The 1984 TV-movie is better than half the prestige TV in your Netflix queue.
One of many, many, many films I'd never heard of before Criterion sought to add it to their numbers (number 890 in this case), Mike Leigh's 1984 TV movie Meantime comes across as an unintentional political statement. It pulls us back to Thatcher-era Great Britain to spend some of the titular meantime with a poor white family on the dole, a tyranny of circumstances that quietly drives the lot of them nearly insane.
Dad's a layabout malcontent; it's never entirely clear if he's angry about not having work, or at the suggestion that he ought to. Mom's a ceaseless nag with a well-to-do (well, better-to-do) sister to compare her family unfavourably to.
Their sons are Colin (Tim Roth) and Mark (Phil Daniels). Colin might be "slow" (at the very least, he spends most of the movie with his mouth hanging open -- literally slack-jawed), and Mark's just about the angriest person you're ever going to meet. Sarcastic, self-destructive and cruel, Mark brings a skinhead (Gary Oldman) into the family's orbit, introducing a potential lifestyle of hate crime that slowly becomes a power fantasy for his thoroughly un-empowered little brother.
It's an enthralling watch, made all the more interesting by the fact that Meantime was shot for television (a pivotal "Fuck off!" in the third act feels all the more like a gunshot for its medium -- was this sort of thing common on British TV in the '80s?!) and looks disproportionately glorious here on Blu-ray. Granted, I'm a bit of a fanatic for this sort of thing -- chunky, vintage film photography that shows every particle of its thick, irreducible grain structure -- and for the brutalist architecture of London's east end during Thatcher's rule. Even so, the 2K restoration on the Blu-ray is impressive, presented in flawlessly framed 16x9 and quietly allowing fans to dissect Leigh's unobtrusive style.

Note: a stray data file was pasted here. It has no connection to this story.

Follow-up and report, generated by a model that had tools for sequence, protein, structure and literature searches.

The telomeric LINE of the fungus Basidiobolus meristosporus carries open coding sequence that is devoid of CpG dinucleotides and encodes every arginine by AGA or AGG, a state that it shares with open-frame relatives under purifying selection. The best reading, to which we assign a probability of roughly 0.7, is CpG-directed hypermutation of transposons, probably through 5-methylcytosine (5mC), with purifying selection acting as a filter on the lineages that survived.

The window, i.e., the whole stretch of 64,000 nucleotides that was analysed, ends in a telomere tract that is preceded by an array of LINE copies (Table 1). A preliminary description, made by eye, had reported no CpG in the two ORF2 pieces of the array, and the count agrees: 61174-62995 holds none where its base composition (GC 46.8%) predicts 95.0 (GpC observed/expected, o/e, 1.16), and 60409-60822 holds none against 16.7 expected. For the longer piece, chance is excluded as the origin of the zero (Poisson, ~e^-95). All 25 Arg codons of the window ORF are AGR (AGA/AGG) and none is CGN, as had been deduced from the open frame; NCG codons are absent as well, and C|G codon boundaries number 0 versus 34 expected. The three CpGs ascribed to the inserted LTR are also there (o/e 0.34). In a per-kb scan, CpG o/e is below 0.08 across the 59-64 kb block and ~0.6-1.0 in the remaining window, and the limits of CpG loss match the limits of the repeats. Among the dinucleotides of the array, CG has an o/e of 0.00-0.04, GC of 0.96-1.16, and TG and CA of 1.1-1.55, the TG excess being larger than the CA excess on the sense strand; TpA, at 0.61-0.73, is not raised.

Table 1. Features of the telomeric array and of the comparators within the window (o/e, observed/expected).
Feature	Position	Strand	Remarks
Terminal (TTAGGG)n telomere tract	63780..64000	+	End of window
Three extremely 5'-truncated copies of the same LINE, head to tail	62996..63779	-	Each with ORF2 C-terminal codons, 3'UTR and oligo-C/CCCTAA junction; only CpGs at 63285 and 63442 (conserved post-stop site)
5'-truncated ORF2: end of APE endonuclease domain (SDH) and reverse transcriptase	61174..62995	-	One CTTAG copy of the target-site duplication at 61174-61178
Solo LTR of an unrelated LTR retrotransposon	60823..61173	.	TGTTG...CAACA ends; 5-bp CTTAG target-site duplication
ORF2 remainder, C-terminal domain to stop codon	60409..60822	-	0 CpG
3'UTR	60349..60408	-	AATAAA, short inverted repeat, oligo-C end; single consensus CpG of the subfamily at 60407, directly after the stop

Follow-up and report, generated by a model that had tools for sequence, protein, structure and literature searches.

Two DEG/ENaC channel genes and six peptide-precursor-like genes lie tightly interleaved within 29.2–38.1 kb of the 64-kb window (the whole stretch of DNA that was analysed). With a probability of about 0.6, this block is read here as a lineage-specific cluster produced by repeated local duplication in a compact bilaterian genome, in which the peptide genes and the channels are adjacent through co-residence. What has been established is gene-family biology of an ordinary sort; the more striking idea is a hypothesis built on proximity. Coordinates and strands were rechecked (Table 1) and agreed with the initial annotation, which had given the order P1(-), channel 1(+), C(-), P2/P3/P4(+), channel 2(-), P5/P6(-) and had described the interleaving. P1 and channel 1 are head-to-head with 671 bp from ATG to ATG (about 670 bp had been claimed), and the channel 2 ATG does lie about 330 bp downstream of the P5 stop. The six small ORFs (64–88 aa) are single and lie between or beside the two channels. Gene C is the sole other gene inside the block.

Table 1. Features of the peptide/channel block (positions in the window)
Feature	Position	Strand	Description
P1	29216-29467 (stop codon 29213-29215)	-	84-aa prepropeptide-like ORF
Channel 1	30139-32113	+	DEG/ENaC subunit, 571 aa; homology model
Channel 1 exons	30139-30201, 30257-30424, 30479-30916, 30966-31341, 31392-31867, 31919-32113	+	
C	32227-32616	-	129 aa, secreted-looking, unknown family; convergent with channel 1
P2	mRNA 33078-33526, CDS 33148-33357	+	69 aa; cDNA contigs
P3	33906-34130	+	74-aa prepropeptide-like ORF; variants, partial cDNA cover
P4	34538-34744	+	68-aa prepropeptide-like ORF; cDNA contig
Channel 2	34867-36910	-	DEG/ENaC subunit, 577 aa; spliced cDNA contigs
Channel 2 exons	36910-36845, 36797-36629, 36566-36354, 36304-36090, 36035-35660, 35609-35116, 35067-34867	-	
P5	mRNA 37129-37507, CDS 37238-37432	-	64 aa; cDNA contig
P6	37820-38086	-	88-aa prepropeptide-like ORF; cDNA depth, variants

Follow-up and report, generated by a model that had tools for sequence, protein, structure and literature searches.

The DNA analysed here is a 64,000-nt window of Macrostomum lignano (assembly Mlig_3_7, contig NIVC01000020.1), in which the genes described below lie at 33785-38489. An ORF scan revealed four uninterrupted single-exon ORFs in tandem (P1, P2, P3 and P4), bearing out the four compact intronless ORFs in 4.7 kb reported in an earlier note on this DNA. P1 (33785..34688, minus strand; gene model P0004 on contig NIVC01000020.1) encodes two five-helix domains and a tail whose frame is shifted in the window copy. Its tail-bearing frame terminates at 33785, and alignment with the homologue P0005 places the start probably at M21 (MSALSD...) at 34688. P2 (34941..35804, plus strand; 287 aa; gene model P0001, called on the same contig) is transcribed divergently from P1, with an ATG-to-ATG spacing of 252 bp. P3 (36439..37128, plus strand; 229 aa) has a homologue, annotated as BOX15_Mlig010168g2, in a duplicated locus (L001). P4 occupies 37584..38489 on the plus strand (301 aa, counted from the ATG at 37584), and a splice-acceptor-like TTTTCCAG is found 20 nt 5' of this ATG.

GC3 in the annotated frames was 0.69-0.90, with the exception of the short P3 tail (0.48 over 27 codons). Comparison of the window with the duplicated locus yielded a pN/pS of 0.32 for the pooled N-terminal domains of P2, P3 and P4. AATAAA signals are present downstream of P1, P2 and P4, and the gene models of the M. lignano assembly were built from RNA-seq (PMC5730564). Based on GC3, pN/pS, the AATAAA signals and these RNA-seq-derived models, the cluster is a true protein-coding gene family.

The director brings a stifling claustrophobia to his scenes, stuffing bodies into tight spaces and rooms that were not built for these numbers, and letting us feel it by crowding the frame with halves of legs, portions of torsos, unclaimed ankles.
Closeups are used sparingly, and when they come out during terse exchanges, they tend towards the extreme- side of the XCU, filling frames with chin-to-brow punctuation as emotions inevitably boil over.
Once again the special features on the disc don't live up to the Criterion of yesterday. (Will studios, even boutiques, ever again bother with the feature-length making-of documentary examining all phases of production, as Blu-ray itself becomes a thing of the past? Discuss).
Nonetheless, the essay in the jacket by Sean O'Sullivan is outstanding, picking apart the purpose of a single shot in Meantime and then applying its logic outward to how Leigh both creates and deconstructs the space, class, and time in which his characters live.
New features on the disc include a half-hour interview with Leigh by Jarvis Cocker (but why?), where Leigh both tries to slough off any suggestion that Meantime had a political bent, and simultaneously provide political context for its creation. There's also a delightful interview with Marion Bailey (who plays Auntie Barbara in the film), who speaks with film critic Amy Raphael. An archival video piece from 2007 also revisits the film with Tim Roth, who looks back on how this early role shaped his pre-Reservoir Dogs, pre-Abomination career.